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BIMM London Student Association Interviews: Alessia Talpo

8th March 2021

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Alessia is a 25-year-old singer-songwriter from Italy and currently in her last year at BIMM Institute London studying Popular Music Performance. In this interview with BIMM London Student Association, she discusses International Women’s Day and being a woman in the music industry.

You have just released your new single ‘Like U’. What was your inspiration behind it and do you have any tips for independent artists?

I wrote ‘Like U’ almost a year ago, during the first lockdown. I was stuck in my room in London, far away from all my family and friends like everybody else. Things were changing very fast, and it was scary! Somehow though, I felt very grateful for all the good people around me.

My tip for independent artists is to avoid overthinking and rather focus on enjoying the process of making music.

It’s a joyful song to honour them and to remind myself that I am lucky to have them. I hope this positive feeling spreads to the listeners too. My tip for independent artists is to avoid overthinking and rather focus on enjoying the process of making music. We are making music and we should be the first ones to enjoy our art.

Do you think there’s extra pressure on women in the industry and how do you think the industry could improve itself towards prejudice against women in the industry?

Yes, I am aware that this is a real struggle for many women working in the music industry, although I’ve never felt under extra pressure because I am a woman. At least not yet. I’ve missed out on opportunities but I don’t think that was because I am a woman. Instead, I think it was because I wasn’t ready yet.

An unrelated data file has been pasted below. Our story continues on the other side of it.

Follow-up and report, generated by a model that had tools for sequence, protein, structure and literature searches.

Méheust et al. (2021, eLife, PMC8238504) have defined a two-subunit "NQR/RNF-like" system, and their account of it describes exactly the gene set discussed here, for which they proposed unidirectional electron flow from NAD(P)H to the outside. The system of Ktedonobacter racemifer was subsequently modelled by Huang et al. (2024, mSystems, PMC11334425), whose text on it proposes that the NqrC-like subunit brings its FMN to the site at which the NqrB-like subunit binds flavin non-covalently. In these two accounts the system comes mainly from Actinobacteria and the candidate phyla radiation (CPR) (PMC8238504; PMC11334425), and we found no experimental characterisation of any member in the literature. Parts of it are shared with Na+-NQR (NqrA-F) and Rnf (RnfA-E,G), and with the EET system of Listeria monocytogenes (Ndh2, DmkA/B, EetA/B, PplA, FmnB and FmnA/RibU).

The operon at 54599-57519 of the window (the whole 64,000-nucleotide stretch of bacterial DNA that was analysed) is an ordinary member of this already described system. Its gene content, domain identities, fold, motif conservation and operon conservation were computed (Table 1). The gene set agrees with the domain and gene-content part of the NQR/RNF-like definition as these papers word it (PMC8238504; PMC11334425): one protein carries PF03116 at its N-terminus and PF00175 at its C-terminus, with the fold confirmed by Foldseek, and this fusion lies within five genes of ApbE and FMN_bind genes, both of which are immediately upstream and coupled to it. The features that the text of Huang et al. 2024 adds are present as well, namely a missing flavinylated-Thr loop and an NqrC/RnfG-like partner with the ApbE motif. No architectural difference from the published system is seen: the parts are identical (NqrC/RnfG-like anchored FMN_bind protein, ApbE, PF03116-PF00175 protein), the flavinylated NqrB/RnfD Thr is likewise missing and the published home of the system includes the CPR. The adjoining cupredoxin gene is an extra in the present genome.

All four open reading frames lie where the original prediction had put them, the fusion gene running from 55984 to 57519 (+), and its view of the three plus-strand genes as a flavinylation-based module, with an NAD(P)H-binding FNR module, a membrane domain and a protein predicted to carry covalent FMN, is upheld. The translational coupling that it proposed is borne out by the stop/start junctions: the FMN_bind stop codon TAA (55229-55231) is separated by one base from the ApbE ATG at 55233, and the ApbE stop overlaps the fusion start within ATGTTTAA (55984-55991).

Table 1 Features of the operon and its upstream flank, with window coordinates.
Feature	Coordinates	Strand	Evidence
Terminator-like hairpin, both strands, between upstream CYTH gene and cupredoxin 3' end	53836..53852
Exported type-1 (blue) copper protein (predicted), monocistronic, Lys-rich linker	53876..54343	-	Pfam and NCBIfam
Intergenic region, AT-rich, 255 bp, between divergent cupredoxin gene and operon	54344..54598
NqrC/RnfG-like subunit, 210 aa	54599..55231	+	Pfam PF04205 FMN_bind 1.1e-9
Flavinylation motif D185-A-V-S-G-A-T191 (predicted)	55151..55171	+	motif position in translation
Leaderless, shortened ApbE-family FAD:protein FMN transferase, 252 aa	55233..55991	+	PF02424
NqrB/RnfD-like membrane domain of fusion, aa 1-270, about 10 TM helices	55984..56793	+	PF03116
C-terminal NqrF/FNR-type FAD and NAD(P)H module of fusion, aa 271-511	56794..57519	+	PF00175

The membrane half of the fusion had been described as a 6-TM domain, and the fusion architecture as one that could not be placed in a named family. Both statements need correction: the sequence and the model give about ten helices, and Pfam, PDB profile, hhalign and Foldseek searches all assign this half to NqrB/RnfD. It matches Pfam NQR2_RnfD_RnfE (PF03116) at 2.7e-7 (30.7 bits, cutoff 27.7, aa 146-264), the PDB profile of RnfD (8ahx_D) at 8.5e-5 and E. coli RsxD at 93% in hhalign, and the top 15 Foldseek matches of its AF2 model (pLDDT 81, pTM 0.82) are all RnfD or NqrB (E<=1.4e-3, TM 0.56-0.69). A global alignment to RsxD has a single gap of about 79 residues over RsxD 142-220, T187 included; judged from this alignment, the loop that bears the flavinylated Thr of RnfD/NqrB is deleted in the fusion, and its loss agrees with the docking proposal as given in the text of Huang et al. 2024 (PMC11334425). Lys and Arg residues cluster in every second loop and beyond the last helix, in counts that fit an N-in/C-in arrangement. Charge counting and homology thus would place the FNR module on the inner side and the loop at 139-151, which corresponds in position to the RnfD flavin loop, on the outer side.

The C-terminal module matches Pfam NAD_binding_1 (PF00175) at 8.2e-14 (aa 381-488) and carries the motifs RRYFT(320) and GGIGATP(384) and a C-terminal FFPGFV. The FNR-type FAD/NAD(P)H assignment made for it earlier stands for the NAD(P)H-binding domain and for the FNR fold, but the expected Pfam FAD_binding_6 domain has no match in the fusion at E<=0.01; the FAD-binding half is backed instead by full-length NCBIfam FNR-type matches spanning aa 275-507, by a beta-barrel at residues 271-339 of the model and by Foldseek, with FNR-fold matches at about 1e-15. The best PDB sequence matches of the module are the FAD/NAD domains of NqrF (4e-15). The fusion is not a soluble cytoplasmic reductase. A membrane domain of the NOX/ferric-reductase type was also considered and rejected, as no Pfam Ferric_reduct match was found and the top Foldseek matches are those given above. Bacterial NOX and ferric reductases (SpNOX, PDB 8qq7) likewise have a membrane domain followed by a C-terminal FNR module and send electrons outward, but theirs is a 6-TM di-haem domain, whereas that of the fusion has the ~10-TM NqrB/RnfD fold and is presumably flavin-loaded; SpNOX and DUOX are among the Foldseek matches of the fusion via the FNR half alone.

It is also true that in my experience I’ve never covered other roles other than that of the singer, and this might seem like the most common choice for a woman, from a man’s perspective. I see many women in the industry taking the lead and I have faith things will change soon enough.

 Are there women in the music industry or in your life that have inspired you? If som how?

There are many proud women in my family, from my mom to my grandmas and my aunties. They have different backgrounds and each of them has fought in different ways. Through their stories, I’ve learnt many things about life, and sometimes this helps me to see red flags before it’s too late. They’re definitely an inspiration and a guide for me.

What advice would you give your younger self starting BIMM Institute, and for other women your age?

To my younger self, I would say “don’t over judge yourself and don’t take everything too seriously” – even though I’m still working on that. I would tell my younger self to enjoy the process, the little steps, and be patient. The advice I would give to another woman would be to think positive and great things will come. Also, follow what feels right for you, even if your dream job breaks the stereotypes of society.

Have you struggled to find your identity/image as a female artist with the established female image in pop music?

I don’t feel like I have struggled to find my identity as a female artist. I always try to be myself and I’ve never really cared about what people think I should wear or the way I should act, as long as I am happy with it. Personally, I’ve never felt like my image should be more feminine or sexually explicit just because I am a female pop artist. The music industry never made me feel that way, and maybe I am just lucky enough, but society did. Too many times. So I rather “blame” society for sexualisation than the music industry.

I believe things are changing.

Many artists have been very vocal about it, such as Ke$ha or Billie Eilish who decided to wear baggy clothes to avoid showing what’s underneath and be defined as “slim” or “not slim”. All this is very sad. In the last few years I’ve been to many live concerts in London where female artists didn’t wear provocative outfits, but a simple t-shirt and a pair of jeans or anything else that suited their styles, such as Lily Moore, Anne-Marie or Joy Crookes. The audience cared about their music rather than their looks. Maybe I’m too positive, but I believe things are changing. Day by day more female artists are taking full control of their image and therefore avoid objectification.


Make sure you head over to Spotify and listen to Alessia’s new single ‘Like U’ and follow Alessia on Instagram and Facebook. You can follow BSA London on Instagram or join the Facebook group to keep updated on everything BSA London. Don’t forget to subscribe to the BSA London Newsletter too!

Author

Fern Wallis

Fern is an Event Management Student at BIMM Institute London, and Social and Marketing Officer for the BIMM London Student Association.